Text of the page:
Labor Chairman Amir Peretz agreed on Friday to formally endorse Benjamin Netanyahu for prime minister, together with his fellow party members, shifting away from one of his key campaign promises ahead of Israel’s March 2 election.
Peretz’s commitment, in a coalition deal with Benny Gantz’s Kahol Lavan party, would allow for government talks to be extended for two more weeks, as Netanyahu’s Likud and Kahol Lavan finalize the terms of their unity government.
According to the Labor-Kahol Lavan agreement, lawmakers from Peretz’s left-wing party would have to vote with the government on issues considered controversial, including annexation of parts of the West Bank. Party members also agreed to avoid any moves to dissolve the coalition, the government or the parliament.
Alongside Peretz, Knesset member Itzik Shmuli is set to join the government and abide by the terms of the agreement. But it remains unclear whether Merav Michaeli, Labor’s third and final Knesset member - who has strongly opposed joining a Netanyahu-led government - would be confined by the terms of the agreement or allowed to vote according to her conscience.
The agreement also states that Labor would not be free to join Netanyahu’s government alone, but could only do so along with Kahol Lavan, per Gantz’s decision. Moreover, the agreement allowes Labor to nomination an ambassador or consul in one of Israel’s high-profile diplomatic representations abroad, and states that the coalition would promote legislation for the official commemoration of Berl Katznelson, a prominent Labor leader in pre-state Israel.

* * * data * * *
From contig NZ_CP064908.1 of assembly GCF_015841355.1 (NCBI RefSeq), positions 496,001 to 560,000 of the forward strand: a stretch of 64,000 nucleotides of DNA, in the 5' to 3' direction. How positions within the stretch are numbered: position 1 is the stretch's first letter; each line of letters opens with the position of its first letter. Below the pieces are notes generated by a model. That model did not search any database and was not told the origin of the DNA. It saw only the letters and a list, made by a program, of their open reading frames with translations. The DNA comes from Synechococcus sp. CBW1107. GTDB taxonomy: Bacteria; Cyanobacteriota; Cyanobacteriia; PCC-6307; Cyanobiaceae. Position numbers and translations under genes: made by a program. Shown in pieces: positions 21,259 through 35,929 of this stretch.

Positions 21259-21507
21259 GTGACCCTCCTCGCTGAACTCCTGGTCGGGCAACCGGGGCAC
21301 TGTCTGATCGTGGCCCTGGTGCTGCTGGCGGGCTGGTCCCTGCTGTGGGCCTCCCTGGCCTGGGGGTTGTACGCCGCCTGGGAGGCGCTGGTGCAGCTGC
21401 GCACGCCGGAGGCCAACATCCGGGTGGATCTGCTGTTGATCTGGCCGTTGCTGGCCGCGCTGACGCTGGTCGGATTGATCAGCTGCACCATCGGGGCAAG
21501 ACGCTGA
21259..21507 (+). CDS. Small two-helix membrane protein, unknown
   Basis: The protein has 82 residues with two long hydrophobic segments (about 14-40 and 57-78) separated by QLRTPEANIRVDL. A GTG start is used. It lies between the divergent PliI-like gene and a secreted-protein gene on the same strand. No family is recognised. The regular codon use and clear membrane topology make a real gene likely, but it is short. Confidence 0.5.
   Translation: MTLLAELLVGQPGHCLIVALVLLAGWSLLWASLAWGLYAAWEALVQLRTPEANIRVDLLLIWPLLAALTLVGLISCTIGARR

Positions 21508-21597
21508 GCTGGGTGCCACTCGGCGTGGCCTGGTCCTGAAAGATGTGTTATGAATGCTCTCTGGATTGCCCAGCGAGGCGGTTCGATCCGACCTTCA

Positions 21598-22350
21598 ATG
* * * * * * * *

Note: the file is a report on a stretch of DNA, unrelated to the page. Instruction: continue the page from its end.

Alongside these commitments, the agreement also includes a clause by which “the parties would work to ensure financial assistance to same-sex couples for surrogacy abroad,” as part of an effort that would be led by Shmuli, who is expected to be nominated for social affairs and social services minister. He is openly gay and has a child with his partner, born via a surrogate mother in the United States.
An appendix to the agreement specifies further topics that the two parties would “work to promote,” including “Israel’s peace agreements,” raising the minimum wage and expanding labor rights.
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The agreement was signed even though the Labor convention is still only set to vote on Sunday on whether to join the proposed “emergency unity government", led by Netanyahu. Peretz initially refused to make the details of the agreement public.